New York Rangers\' Marc Staal, left, Brandon Dubinsky, second from left, and Dan Girardi (5) celebrate with Marian Gaborik after he scored in the second period of Game 4 of a first-round NHL hockey Stanley Cup playoffs series at Madison Square Garden in New York, Wednesday, April 20, 2011. (AP Photo/Kathy Willens)
GREENBURGH, N.Y. - Like many New York Rangers supporters, Marian Gaborik shut off the TV after a long, frustrating, disappointing night and went to sleep.
And just like many full-throated fans who taunted Washington Capitals coach Bruce Boudreau during Game 4 on Wednesday night, when the Rangers held a seemingly comfortable three-goal lead, Gaborik never expected his night would turn so badly after it started out so well.
Never known for his play in the defensive end, Gaborik was trying to do the right thing in the second overtime of Game 4. The Rangers were trying to pull out a win that would have evened the series 2-2 and one they thought they had in the bag when they jumped out to a 3-0 edge—a lead they held after two periods that included a long-awaited goal from top-line forward Gaborik.
On what appeared to be an innocent play in the New York end, a puck deflected toward the Rangers net, and Gaborik went after it. Gaborik didn't realize that goalie Henrik Lundqvist had matters under control and was primed to cover the puck to stop play.
Gaborik didn't see Lundqvist, and didn't hear him, either, when he stuck his stick into the crease to sweep the puck out of danger. But what else Gaborik didn't see was Capitals forward Jason Chimera, who blocked the clearing attempt, got the puck on his stick, and knocked in the winning goal 12:36 into double overtime.
Instead of being tied 2-2, the Rangers are down 3-1 in the series and will be facing elimination in Game 5 on Saturday in Washington.
"I just went home, watched the replay because I didn't see it at the rink," Gaborik said of how he spent the rest of Wednesday. "I had dinner and went to bed. It was a tough one to swallow, but you've just got to move by it. You can't look back and beat yourself up with it."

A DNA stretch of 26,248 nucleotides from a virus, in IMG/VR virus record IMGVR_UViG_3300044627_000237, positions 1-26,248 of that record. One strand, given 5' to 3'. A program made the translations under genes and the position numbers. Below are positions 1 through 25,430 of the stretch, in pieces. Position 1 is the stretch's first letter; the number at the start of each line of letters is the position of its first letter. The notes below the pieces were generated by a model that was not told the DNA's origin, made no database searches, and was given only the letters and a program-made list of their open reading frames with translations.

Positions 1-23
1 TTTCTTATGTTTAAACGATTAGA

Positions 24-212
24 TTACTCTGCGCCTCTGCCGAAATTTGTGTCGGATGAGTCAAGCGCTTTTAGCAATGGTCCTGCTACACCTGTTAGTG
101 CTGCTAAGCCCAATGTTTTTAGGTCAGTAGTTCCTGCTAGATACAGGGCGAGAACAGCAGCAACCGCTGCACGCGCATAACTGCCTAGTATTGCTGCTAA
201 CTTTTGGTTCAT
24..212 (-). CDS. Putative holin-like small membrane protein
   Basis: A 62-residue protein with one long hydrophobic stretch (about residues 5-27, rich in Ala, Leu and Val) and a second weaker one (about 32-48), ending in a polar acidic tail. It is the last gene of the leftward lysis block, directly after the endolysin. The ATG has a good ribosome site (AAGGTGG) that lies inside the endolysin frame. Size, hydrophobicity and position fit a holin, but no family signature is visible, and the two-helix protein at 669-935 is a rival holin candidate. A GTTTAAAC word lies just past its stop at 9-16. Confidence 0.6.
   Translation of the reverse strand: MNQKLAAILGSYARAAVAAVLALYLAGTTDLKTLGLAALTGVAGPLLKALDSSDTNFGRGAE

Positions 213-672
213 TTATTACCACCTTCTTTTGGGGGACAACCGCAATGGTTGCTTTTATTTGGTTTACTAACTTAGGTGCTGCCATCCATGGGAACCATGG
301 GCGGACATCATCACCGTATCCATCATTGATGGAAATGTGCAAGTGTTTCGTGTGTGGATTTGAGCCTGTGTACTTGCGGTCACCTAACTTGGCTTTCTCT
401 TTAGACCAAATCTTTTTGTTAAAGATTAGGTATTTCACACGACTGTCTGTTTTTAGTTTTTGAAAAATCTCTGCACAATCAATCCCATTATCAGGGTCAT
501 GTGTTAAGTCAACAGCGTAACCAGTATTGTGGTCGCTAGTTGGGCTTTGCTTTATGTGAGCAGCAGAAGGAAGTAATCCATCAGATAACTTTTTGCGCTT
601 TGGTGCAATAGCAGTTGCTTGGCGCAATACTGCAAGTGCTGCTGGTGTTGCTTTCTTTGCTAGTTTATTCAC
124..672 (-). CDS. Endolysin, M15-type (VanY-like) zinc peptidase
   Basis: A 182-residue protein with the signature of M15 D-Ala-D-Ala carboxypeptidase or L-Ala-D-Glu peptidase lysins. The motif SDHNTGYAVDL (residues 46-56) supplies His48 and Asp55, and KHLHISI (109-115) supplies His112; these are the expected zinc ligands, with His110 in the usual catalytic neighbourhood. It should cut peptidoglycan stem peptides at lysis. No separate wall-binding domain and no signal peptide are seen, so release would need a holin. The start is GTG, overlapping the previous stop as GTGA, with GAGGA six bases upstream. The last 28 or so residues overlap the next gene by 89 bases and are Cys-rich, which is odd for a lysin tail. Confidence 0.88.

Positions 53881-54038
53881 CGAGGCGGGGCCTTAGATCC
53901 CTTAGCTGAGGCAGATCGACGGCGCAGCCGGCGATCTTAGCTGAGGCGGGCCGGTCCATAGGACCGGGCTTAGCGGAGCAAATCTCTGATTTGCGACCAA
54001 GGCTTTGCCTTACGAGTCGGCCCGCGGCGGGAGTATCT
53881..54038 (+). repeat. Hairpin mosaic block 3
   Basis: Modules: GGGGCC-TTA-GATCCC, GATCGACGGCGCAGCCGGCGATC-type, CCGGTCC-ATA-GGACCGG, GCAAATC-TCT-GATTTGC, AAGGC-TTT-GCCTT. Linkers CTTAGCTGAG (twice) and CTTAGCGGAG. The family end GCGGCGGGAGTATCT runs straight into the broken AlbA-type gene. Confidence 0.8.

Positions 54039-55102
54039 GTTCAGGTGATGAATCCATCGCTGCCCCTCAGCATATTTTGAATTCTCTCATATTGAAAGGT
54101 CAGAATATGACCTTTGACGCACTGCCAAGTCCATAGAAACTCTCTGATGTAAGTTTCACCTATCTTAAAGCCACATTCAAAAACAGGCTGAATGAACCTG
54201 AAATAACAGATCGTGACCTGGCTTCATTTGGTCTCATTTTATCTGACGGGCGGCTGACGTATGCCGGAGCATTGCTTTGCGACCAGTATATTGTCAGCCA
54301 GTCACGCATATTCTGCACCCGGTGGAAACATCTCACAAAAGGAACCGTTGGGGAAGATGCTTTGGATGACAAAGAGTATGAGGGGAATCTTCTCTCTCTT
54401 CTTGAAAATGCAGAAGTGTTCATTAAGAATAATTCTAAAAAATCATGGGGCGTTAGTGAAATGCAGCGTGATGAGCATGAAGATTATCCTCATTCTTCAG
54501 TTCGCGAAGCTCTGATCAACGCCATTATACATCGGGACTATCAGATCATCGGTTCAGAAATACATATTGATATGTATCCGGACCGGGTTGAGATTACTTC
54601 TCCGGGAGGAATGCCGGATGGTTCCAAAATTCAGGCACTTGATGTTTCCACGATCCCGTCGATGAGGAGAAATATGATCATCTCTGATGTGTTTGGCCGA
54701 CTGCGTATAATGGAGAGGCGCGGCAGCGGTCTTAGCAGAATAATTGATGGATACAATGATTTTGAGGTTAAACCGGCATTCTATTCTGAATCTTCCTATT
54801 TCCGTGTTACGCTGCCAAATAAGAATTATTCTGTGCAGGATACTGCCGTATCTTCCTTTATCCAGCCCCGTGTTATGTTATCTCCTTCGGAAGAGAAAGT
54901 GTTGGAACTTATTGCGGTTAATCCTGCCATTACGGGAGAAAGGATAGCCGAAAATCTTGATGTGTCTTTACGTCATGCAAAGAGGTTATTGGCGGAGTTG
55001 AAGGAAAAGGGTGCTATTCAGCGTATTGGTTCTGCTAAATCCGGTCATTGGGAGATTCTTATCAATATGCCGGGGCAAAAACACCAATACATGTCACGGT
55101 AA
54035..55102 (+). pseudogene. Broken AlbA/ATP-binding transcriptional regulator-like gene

Unfortunately for Gaborik, there are plenty of others willing to take shots at the star forward.
Last season, his first with the Rangers after he signed a five-year, US$37.5 million deal to leave Minnesota, Gaborik led the offence with 42 goals and a career-best 44 assists in 76 games. It wasn't enough to get New York back into the playoffs, but those were the kinds of numbers people expected from him and were often missing from other high-priced free agents who excelled elsewhere but failed in New York.
This season is when the disappointment set in. Injuries limited Gaborik to 62 games, and when he played, he didn't produce the way he had before. He had 22 goals and 48 points, but 10 of those goals were scored in three games—including a four-goal outburst on Jan. 19 against Toronto and two other hat tricks.
Gaborik had no goals in the final nine games of the regular season and only one assist in the first three games of the series against Washington before his second-period tally gave the Rangers a 2-0 lead on Wednesday.
He had a quick one-timer during a power play that was stopped by goalie Michal Neuvirth and a few other near misses, too.
"I feel good," Gaborik said. "The chances were there. It's too bad a couple of those didn't go in, but you just have to carry it over. The play at the end of the game, it's a bad bounce there. I just have to kind of jump over it and put it behind and just focus on the next game.
"It is what is. You just have to go forward."
Even though the Rangers' power play has been basically nonexistent against the Capitals, Gaborik had good reason to think things were turning around for him. It is ironic that a failed defensive play put him back in a spot to be criticized.
"It happened," Rangers coach John Tortorella said Thursday. "Hank wanted to tie it up, Gabby didn't realize it. You guys can beat that up as much as you want. It's just a flukey play. Call it for what it is."
The Rangers tried to sound upbeat Thursday, as they did after returning home before Game 3 following losses in the first two games of the series in Washington. The feelings and belief are still there, even though the stakes have been raised and the margin for error eliminated.
With two days off before Game 5, the Rangers stayed off the ice Thursday and began the process of looking ahead instead of dwelling on the past.
"That's what we do. We're professionals," Gaborik said. "Everybody has got to move by these things. We have our next game on Saturday and we want to do everything so we can come up with a win. We need one win and just go from there."